Design - abresee/chess Wiki

Basic Design

A micro-controller driven LED chessboard is proposed. There are 8 ranks and 8 files on a chess board making for 64 individual squares. In each square, a tri-color led (similar to what is found here) is mounted. transparent or translucent chess pieces would allow the light from the LEDs to shine through. The chess board contains a microcontroller (such as this) which is able to execute simple C programs that read input from GPIO pins and can write arbitrary output to GPIO pins. The presence or non-presence of a piece in a square is detected by a reed switch mounted into each square. The pieces themselves will have small magnets in their bases (positioned so as to minimally obstruct the LED) which would trigger these reed switches. The completed circuit for each square's reed switch would be then read into the microcontroller via GPIO polling. Since the beginning of a game of chess is known, the microcontroller can track moves (by detecting the removal and subsequent replacement of a piece) and adjust the light display on the board accordingly.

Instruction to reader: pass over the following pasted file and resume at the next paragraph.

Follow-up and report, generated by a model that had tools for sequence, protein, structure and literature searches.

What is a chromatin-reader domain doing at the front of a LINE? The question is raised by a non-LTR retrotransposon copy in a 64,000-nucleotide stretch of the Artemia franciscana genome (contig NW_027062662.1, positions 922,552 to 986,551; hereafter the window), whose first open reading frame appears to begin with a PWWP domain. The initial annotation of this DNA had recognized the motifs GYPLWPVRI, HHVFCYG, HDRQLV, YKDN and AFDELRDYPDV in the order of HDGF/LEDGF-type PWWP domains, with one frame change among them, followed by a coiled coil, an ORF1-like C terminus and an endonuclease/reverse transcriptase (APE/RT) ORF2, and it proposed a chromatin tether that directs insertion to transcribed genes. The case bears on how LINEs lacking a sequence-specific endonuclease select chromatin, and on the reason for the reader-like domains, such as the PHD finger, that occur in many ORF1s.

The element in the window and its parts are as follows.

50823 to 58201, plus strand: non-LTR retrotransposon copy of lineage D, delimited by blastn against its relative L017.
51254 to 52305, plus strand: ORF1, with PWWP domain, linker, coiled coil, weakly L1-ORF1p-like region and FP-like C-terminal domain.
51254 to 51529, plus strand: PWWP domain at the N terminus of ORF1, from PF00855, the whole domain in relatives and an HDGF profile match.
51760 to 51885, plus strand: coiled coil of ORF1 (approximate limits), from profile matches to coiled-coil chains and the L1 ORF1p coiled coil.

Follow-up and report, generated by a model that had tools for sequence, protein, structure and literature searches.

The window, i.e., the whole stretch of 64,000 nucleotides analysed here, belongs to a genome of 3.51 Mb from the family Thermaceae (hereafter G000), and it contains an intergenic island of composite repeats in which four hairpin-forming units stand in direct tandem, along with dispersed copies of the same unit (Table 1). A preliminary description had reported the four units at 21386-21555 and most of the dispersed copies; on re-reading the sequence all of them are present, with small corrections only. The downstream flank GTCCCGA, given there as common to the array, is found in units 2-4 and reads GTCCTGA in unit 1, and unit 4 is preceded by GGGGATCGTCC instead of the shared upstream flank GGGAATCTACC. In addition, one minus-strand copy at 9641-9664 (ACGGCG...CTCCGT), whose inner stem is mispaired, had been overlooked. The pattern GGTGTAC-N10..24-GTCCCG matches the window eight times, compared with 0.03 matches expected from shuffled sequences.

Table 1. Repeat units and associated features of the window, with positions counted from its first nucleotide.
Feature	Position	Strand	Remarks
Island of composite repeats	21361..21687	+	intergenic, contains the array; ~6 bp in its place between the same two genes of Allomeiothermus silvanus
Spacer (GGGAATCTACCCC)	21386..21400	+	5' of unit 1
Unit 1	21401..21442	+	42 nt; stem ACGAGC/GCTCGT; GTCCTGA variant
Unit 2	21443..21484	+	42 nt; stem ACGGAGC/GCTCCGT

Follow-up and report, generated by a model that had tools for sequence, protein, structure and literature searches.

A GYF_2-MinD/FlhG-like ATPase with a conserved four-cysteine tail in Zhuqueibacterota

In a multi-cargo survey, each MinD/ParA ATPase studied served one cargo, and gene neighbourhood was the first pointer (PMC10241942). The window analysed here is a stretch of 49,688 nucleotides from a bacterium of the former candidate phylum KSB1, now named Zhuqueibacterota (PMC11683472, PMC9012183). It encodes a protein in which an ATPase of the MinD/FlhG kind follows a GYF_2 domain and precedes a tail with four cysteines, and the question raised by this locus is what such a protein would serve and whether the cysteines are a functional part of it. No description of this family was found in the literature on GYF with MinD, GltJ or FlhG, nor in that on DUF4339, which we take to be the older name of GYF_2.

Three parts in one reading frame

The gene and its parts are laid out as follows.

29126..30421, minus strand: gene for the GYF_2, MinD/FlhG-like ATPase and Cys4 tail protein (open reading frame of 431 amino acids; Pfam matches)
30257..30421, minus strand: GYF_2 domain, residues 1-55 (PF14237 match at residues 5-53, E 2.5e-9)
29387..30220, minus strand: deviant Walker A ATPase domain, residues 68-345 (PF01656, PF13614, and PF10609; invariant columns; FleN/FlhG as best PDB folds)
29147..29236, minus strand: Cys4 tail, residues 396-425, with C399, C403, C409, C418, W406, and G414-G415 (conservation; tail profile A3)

Potential information that can be conveyed:

  • potential legal moves (green highlighted squares)
  • illegal moves (e.g. moving into check) (red highlighted squares)
  • en passant reminder (highlight in blue when an en passant is in play) or anything else we can code!

Microcontroller code would be written on a host computer and cross compiled into a binary executable file that would then be loaded over a usb connection to the microcontroller. It is simple to imagine any variety of compile-time options (such as chess960, or specific custom starting positions or movement rules such as Arimaa).

The interface to the LEDs themselves is via PWM on the respective red, green, and blue terminals of the LED package. This is definitely feasible via microcontroller but a concrete design needs to be planned.